Hard but fair – neighbours keep things cordial

As someone born and reared close to the border — just off the main road to Ennis on the banks of the Shannon in Cratloe — I grew up with first-hand experience of the Clare and Limerick rivalry.

Hard but fair – neighbours keep things cordial

When I was a youngster, Limerick always seemed that bit stronger and in fact I often found myself supporting our neighbours in the Munster championship — only after Clare had been beaten mind you!

I’d make my way to the Gaelic Grounds and saw many a great match there involving Limerick.

This isn’t to say the bitterness wasn’t there and in later years I learned of a woman from Meelick, also just across the border, who wouldn’t even do her shopping in Limerick, though it was only a couple of miles down the road; instead she preferred to go to Ennis, more than 20 miles away.

She hated Limerick like the devil hates holy water but that was common enough around Meelick and Parteen, where the rivalry was at its most intense. In fact a few years ago, when there was talk of Limerick City extending its boundary north into Clare, I think it was only when the people of Meelick and Parteen realised they’d be drawn against teams like Croom and Bruree in the championship that they really rose up.

The growth of Shannon Airport did a lot to ease the rivalry, with a huge number of Limerick people coming out to work in the new factories that began to spring up. There would be a bit of slagging when the teams met but nothing too serious; what really happened though, was that people became good friends and when one county was gone from the championship they’d mostly support the other, especially against Cork and — most especially — Tipperary.

When Shannon town itself was founded this became even more of a factor because you now had a huge influx of Limerick people living in Clare. As their kids grew up, began to play for Clare clubs and even for Clare itself, their parents naturally began to support them. The famous Lohan brothers, Frank and Brian, are a perfect example — their father Gus is from Galway but played for Clare while their mother is a Limerick native.

It’s not all one-way traffic of course, and I have a lot of nieces and nephews who were born and lived all their lives in Limerick. They’ll be going to Croke Park Sunday but some will be wearing green-and-white, some will wear saffron-and-blue. I’d say they won’t be the only families divided in this way.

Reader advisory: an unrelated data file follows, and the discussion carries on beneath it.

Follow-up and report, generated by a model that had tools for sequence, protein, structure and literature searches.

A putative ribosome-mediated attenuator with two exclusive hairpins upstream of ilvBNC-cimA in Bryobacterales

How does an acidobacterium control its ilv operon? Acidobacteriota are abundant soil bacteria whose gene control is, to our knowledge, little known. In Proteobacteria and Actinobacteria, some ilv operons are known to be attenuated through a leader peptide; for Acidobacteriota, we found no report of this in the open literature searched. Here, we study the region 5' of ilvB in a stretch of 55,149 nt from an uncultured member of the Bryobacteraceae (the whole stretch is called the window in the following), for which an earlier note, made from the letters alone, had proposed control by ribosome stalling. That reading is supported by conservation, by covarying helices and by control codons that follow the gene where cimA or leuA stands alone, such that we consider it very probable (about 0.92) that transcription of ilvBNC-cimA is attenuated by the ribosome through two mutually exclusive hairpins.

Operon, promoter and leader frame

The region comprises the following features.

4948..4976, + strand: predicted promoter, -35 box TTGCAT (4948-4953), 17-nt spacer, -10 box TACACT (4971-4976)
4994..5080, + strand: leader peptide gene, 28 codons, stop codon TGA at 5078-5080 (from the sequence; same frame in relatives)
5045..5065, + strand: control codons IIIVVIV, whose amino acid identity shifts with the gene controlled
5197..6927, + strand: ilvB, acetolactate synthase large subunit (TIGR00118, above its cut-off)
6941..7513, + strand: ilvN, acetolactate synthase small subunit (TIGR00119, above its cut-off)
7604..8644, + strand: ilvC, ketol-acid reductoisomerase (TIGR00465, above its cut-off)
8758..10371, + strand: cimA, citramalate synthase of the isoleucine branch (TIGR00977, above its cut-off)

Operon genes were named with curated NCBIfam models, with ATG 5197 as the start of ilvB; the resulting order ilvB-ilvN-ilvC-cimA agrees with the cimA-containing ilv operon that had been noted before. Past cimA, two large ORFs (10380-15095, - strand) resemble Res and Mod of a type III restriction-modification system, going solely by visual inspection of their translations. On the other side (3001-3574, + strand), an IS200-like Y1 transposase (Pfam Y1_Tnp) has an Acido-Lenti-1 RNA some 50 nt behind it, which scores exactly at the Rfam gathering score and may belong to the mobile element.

The rivalry took off in the ’90s when Clare and Limerick began to share Munster titles and I remember league games when you’d get 20,000 and more, times when Clare and Limerick weren’t just the two top teams in Munster but nearly the two top teams in Ireland.

But even then it wasn’t bitter. When we beat Limerick in the Munster final in 1995 I’ll never forget the reception we got afterwards from the Limerick supporters in Thurles. They were the reigning Munster champions, had lost out in the All-Ireland final of 1994 in the worst way and really wanted to get back to Croke Park. They outnumbered Clare that day I’d say three-to-one, and yet almost to a man and woman they applauded the Clare team.

No matter what people say, I think Limerick people and Limerick hurlers would always class themselves as being superior to Clare. Limerick are very aware of where they stand in the Munster order of merit, are equally aware of where Clare stand, and would never have been slow about letting us know.

Then, of course, they had Mick Mackey and that great era in the ’30s. Those few years in the ’90s hurt them badly. In that spell they won two Munsters but lost the two All-Irelands, while we won three Munster titles and two All-Irelands. Not that we took any pleasure from that, and I say that sincerely. I’ve said this already, but once Clare are beaten, certainly Limerick would be my next team and I followed them in 1973 when they won the All-Ireland.

Of late, while the rivalry is good I don’t think it’s anywhere near as intense as it was then. A lot of the players on both sides know each other very well, went to college with each other and maybe even shared digs.

You’re also starting to have a lot of interaction on the club management side, a lot of Clare men managing teams in Limerick and vice versa. Indeed, Clare natives managed the clubs that won seven of the last eight Limerick senior hurling titles. It’s even happening at county level, Paul Kinnerk is a Limerick man, training the Clare team, and Eamonn Cregan managed the team for a while. Tim Crowe from Sixmilebridge trained Limerick for a while — on and on it goes.

To sum up, there are different kinds of rivalry — Celtic v Rangers it’s not. I think it’s what a rivalry should be, strong when we meet but laced with mutual respect.

No matter who wins on Sunday, we’ll all shake hands and wish each other the best for the All-Ireland final against Cork.

The way it should be.

* Brendan O’Brien is away. His column resumes next Friday.

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